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I have a new 4 TB Western Digital SN850X NVMe SSD drive that I am trying to partition as a boot drive for Ubuntu 20.04. No matter what I do, fdisk reports that the partitions are misaligned, even though they appear to be aligned to both the logical (512 byte) and physical (8388608 byte) sector sizes:

$ sudo fdisk -l /dev/sda
Disk /dev/sda: 3.65 TiB, 4000787030016 bytes, 7814037168 sectors
Disk model:                 
Units: sectors of 1 * 512 = 512 bytes
Sector size (logical/physical): 512 bytes / 8388608 bytes
I/O size (minimum/optimal): 8388608 bytes / 8388608 bytes
Alignment offset: 6832128 bytes
Disklabel type: gpt

Device      Start        End    Sectors  Size Type
/dev/sda1   16384     671743     655360  320M EFI System
/dev/sda2  671744 7814035455 7813363712  3.7T Linux filesystem

Partition 1 does not start on physical sector boundary.
Partition 2 does not start on physical sector boundary.

Note that partition 1 starts at sector 16384, exactly 8 MiB (16384 * 512) into the disk, which matches the physical sector size, but fdisk claims that it's misaligned by the strange value of 6832128 bytes.

parted align-check reports the same:

(parted) align-check
alignment type(min/opt)  [optimal]/minimal? minimal                       
Partition number? 1                                                       
1 not aligned: 16384s % 16384s != 13344s
(parted) align-check                                                      
alignment type(min/opt)  [optimal]/minimal? minimal                       
Partition number? 2                                                       
2 not aligned: 671744s % 16384s != 13344s

Here parted appears to be saying that the partitions are misaligned by 13344 sectors, which is 6832128 bytes, the same value reported by fdisk. But clearly "16384s % 16384s" is aligned.

Where is this bizarre misalignment value of 6832128 bytes / 13344 sectors coming from? Any suggestions / thoughts much appreciated!

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    head /sys/block/sda/*align* /sys/block/sda/queue/*size* (written from memory, list may be incomplete) It's not uncommon for these values to be reported wrong. Personally I ignore this altogether and just stick to plain old MiB alignment. Is there an USB enclosure involved? All the more reason to ignore it as they tend to report wrong values, too. Oct 17, 2022 at 0:23
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    Thanks -- there is indeed a USB enclosure. I'll try connecting directly to the laptop's NVMe port and see if that makes a difference in the reported "alignment offset" value. It's hard to believe that the reported offset of 6832128 bytes could actually be real.
    – David
    Oct 18, 2022 at 19:29
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    Use regular MiB alignment unless you can show that it actually makes a difference, so if in doubt - run a suitable benchmark. Oct 18, 2022 at 19:33

1 Answer 1

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Note the text:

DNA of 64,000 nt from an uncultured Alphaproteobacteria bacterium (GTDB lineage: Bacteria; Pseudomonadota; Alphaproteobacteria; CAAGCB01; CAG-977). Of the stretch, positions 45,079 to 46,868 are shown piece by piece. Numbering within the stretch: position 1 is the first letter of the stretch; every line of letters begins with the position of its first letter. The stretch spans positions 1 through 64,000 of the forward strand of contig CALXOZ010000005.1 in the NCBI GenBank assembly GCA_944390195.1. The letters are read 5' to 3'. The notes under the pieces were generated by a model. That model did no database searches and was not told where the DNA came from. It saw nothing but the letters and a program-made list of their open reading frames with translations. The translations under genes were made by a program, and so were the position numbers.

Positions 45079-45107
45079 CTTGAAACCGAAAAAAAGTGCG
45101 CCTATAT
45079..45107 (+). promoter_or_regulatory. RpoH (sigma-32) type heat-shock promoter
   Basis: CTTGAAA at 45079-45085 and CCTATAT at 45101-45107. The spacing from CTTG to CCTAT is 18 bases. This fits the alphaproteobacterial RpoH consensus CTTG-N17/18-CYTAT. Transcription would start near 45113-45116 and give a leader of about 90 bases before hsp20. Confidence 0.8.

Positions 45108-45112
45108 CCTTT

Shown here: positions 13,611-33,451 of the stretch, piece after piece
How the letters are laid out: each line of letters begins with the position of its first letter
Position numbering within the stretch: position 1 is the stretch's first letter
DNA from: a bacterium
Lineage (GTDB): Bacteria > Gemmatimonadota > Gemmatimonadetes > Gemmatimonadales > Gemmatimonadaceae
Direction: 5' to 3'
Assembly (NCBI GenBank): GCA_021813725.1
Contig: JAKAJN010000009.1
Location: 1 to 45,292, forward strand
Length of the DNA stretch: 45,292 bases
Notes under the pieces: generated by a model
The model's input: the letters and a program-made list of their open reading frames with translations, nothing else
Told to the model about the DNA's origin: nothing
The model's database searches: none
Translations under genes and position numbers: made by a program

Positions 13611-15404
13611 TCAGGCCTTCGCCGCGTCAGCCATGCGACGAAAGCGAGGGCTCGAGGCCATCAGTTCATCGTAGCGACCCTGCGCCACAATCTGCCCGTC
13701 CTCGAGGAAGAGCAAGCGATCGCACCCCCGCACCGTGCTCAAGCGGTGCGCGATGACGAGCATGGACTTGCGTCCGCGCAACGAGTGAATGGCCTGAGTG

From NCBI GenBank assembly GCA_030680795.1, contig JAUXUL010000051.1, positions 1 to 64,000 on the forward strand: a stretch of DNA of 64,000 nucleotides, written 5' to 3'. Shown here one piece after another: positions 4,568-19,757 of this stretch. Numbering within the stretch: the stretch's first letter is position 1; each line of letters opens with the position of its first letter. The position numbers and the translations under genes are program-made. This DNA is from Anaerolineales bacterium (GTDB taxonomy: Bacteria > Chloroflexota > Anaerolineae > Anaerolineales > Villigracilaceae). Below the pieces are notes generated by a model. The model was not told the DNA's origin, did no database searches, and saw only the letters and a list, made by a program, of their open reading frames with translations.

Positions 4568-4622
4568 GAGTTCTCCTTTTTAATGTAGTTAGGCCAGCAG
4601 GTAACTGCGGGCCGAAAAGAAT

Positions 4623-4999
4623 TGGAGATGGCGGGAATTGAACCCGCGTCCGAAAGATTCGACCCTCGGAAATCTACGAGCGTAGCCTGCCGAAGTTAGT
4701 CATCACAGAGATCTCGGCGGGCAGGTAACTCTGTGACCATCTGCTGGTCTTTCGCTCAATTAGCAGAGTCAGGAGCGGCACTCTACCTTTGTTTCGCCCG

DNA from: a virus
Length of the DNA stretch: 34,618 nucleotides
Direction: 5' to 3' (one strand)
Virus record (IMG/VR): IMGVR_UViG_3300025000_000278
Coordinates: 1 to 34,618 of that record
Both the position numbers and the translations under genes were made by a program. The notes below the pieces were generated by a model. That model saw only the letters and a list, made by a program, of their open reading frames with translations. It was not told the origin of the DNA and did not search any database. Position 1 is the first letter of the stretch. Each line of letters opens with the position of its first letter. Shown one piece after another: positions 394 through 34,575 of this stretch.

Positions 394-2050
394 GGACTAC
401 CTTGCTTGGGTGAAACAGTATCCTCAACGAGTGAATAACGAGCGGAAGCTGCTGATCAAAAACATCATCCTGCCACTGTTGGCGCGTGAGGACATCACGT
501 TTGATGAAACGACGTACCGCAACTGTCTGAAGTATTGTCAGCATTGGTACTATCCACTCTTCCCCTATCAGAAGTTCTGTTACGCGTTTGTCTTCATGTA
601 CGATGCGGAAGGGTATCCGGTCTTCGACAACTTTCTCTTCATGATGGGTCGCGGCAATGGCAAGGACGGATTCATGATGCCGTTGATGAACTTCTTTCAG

Alignment offset: 6832128 bytes

in the fdisk -l output.

This SuSE support article about partition alignment has this nugget of information on alignment offset:

There's one special case: When internal 4k block sizes were introduced, some HDD manufacturers actually addressed the classical DOS partition table misalignment by shifting the logical sector counting by one, so a start at sector 63 would translate to sector 64 (i.e. internal block 8). Some HDDs even were configurable with a switch to do this shifting by one. The SATA spec did even provide a mechanism for the drives to report such an offset, so the OS can take the appropriate steps to optimize performance. To our knowledge not many such drives exist; and only a subset of them reports the offset correctly.

If the drive reports any alignment offset, the Linux kernel in SLE11-SP1 (or later) will report this via the attribute /sys/block/$DEV/alignment_offset (in sectors).

So your disk seems to be a very special case: not only it seems to use 8 MiB physical blocks, the first block also has a non-uniform size of 6832128 bytes for some reason... assuming the reported information is correct.

Since Western Digital SN850X is a NVMe drive (as you correctly stated), the fact that you are accessing it as /dev/sda implies there is a converter device of some kind in between the PCIe bus and the drive: a directly-connected non-enterprise NVMe device would be presented as /dev/nvmeNn1 and its partitions as /dev/nvmeNn1pP instead of /dev/sd* (where N = the NVMe device number and P = partition number).

(In NVMe device names, the n1 is a namespace number: most non-enterprise NVMe devices support only a single namespace, but the device naming scheme is designed to support more than one. Think of namespaces as meta-partitions with potential for some enterprise storage features like snapshotting.)

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    Thanks for this information! So it seems to come down to whether I should trust this strange value reported by the hardware for the "alignment offset" or just ignore it as likely fictitious. You are correct that there is an intermediate device involved -- a USB NVMe enclosure. I will try connecting the drive directly to the NVMe port in the laptop and see if it still reports the same odd value for the alignment offset. If it doesn't, then I think I can safely conclude it wasn't real and that the partitions are in fact aligned correctly.
    – David
    Oct 18, 2022 at 19:27

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